"If you reduce the increasingly difficult situation facing the largest banks down to its essence, the problem is politicians picking winners and losers. If we don't have losers in our economic life, then there are no winners either. If we don't resolve troubled banks, then all of our banks will be bad, as the century-old Whithers quote above suggests. And the fact that Washington will not let large, mediocre institutions such as BAC fail means that our entire financial system is getting sicker, not recovering as the politicians ask you to believe. The different financial and operational situations facing BAC and other members of the large bank peer group illustrate the point." - Chris Whalen
- Eric Dinallo joins the fight: Split the financial supermarkets to make them safe (FT, h/t Miles)
- Report on bailouts says treasury misled public (NYT) and continues doing so every single day
- Lying treasury to announce BlackRock, Wellington and AllianceBernstein have raised $1.9 billion for PPIP (Bloomberg)
- Larry Summers and the White House economic team (New Yorker)
- Government Sachs lets one well run dry (Reuters)
- CIT's Peek about to join Lewis on the unemployment line (Bloomberg)
- All you ever wanted to know about Paolo Pellegrini, and didn't realize you should ask (Bloomberg)
- Nakagawa, Japan's former finance minister, who resigned after drunk incident at G7, found dead (FT)
- Simon Johnson: A short question for senior officials of the New York Fed (Baseline Scenario, h/t Pete)
- Is the mortgage REIT IPO/follow on bubble finally over? (Bloomberg)
- Roubini says stocks have risen "too much, too soon, too fast" (Bloomberg and RGE)
- Stiglitz deflation threat pushes Fed to stay at zero (Bloomberg)
- From Black Scholes to Black Holes (Dharma Joint)
Want to know why the giant, insolvent banks aren't being broken up?
Reporters at the WSJ have uncovered something very intriguing while they were combing through the billing records of Jenner and Block, whose chairman, Anton Valukas is currently moonlighting as the examiner of the Lehman Bankruptcy Case. In J&B's August fee statement, the firm discloses information that as part of its estate recoupment process, it has been contemplating suing none other than the Federal Reserve.
There probably is a lot of back slapping going around at the Fed and Treasury Department these days as the markets have risen on a flood of liquidity.
- Asian stocks decline on Nomura’s share sale, US housing data.
- China’s stocks fell, with Shanghai Composite set for its biggest weekly loss in 6 weeks.
- Dollar, Yen rise on speculation G-20 will act to curb riskier investments.
- Fed regulators say banks, other institutions face $53B in losses on loans.
- Freddie Mac announces $1B reopening of 2.125% three-year Reference Notes security.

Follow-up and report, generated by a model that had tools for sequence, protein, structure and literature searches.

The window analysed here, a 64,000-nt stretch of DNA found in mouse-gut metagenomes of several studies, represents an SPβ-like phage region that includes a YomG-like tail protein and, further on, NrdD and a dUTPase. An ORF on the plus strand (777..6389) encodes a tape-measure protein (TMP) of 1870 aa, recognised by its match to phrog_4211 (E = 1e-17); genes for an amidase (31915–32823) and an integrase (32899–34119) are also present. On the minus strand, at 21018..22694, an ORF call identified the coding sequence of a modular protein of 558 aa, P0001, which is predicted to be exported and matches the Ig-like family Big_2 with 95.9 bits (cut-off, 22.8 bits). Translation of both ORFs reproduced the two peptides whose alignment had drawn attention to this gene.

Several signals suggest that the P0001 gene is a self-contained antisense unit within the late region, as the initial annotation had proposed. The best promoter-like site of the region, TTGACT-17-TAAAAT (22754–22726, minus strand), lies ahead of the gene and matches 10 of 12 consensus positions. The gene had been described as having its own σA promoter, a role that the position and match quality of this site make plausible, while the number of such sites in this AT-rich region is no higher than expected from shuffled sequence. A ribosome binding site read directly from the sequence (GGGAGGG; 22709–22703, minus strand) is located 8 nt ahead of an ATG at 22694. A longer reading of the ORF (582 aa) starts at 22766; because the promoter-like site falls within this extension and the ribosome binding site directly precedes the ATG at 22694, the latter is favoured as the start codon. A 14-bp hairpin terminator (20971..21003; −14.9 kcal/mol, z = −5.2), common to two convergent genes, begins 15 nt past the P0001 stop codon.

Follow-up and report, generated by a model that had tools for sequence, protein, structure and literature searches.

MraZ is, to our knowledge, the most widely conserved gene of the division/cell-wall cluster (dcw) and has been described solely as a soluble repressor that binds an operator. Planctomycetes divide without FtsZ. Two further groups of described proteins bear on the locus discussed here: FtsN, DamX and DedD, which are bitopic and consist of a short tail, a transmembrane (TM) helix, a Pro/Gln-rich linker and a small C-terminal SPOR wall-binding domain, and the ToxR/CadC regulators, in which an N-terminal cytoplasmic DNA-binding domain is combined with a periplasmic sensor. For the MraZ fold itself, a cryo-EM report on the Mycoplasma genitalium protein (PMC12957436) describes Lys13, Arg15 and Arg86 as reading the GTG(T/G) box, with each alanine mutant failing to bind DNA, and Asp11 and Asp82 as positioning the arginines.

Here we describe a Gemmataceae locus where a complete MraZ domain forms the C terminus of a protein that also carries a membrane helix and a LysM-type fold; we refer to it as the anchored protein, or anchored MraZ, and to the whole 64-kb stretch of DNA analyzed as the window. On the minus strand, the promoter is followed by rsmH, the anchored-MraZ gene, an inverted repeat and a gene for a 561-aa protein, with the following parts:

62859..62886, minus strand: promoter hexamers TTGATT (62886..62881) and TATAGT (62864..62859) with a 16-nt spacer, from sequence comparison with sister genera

- G-20 poised to crack down on bankers' pay, increase policy coordination.
You may recall that the crude spread gap opened just a few weeks after Lehman Brothers failed and AIG required a capital infusion. During the super contago phase of late 2008 and early 2009, the spread was so ridiculously wide that the rate of return was close to 70% at one point of time.
Those few who had a role in taking advantage of the super contango ended up boosting the spot oil price back to a more normal relationship to the outer months.
It's not just rating agencies that are at the crossroads, but pension funds are at the crossroads too. We need a governance overhaul that introduces more transparency and a compensation system that rewards risk-adjusted returns. The status quo at rating agencies and pension funds is totally unacceptable.
A few brave economists believe fiscal and monetary stimulus, as well as improved productivity, will help the United States bounce back stronger than anticipated, helping it to leap hurdles such as high unemployment, a soaring budget deficit and a beleaguered consumer.
Vicis Capital, a $2.9 billion hedge fund started by Lehman trader John Succo has halt client withdrawals after it received $550 million in September redemption request. The firm has already paid down $2.7 billion in comparable redemptions since October. The asset manager's Vicis Capital Fund, a $2.5 billion volatility fund, has been the primary culprit for LP dissatisfaction after losing 12% YTD, having returned 14% in the last year.
Headlines, as always, from the highly entertaining News From 1930 blog. And all, very appropriate for our blow by blow recreation of the Great Depression, courtesy of the historically predisposed Chairman.
- California's financial depression: unemployment and underemployment rate at Great Depression levels. 23 percent unemployment for biggest state in the nation. California will not see housing peak until 2030 (Dr Housing Bubble)
- Jim Grant: Ringing the bell at the top (Financial Armageddon)
- Peter Schiff: Lehman Brothers revisited (TheStreet)
- FHA faces money squeeze after insisting it needs no new money (AP)
- 2 Nobel economists confirm that credit is not credted out of excess reserves (Washington's Blog)
Are Teachers and other pension funds flying off course? Only time will tell but they sure are putting lots of eggs in the infrastructure basket. As with any investment, the benchmark should reflect the beta, credit risk and liquidity risk of the underlying investments. Infrastructure is a long-term asset class but it isn't free of risks and the benchmark must reflect this.
"As the risk of catastrophic failure of the financial system has receded, the need for some of the emergency programs put in place during the most acute phase of the crisis has receded as well. The Guarantee Program for Money Market Funds served its purpose of adding stability to the money market mutual fund industry during market disruptions last fall and ultimately delivered a healthy return to taxpayers."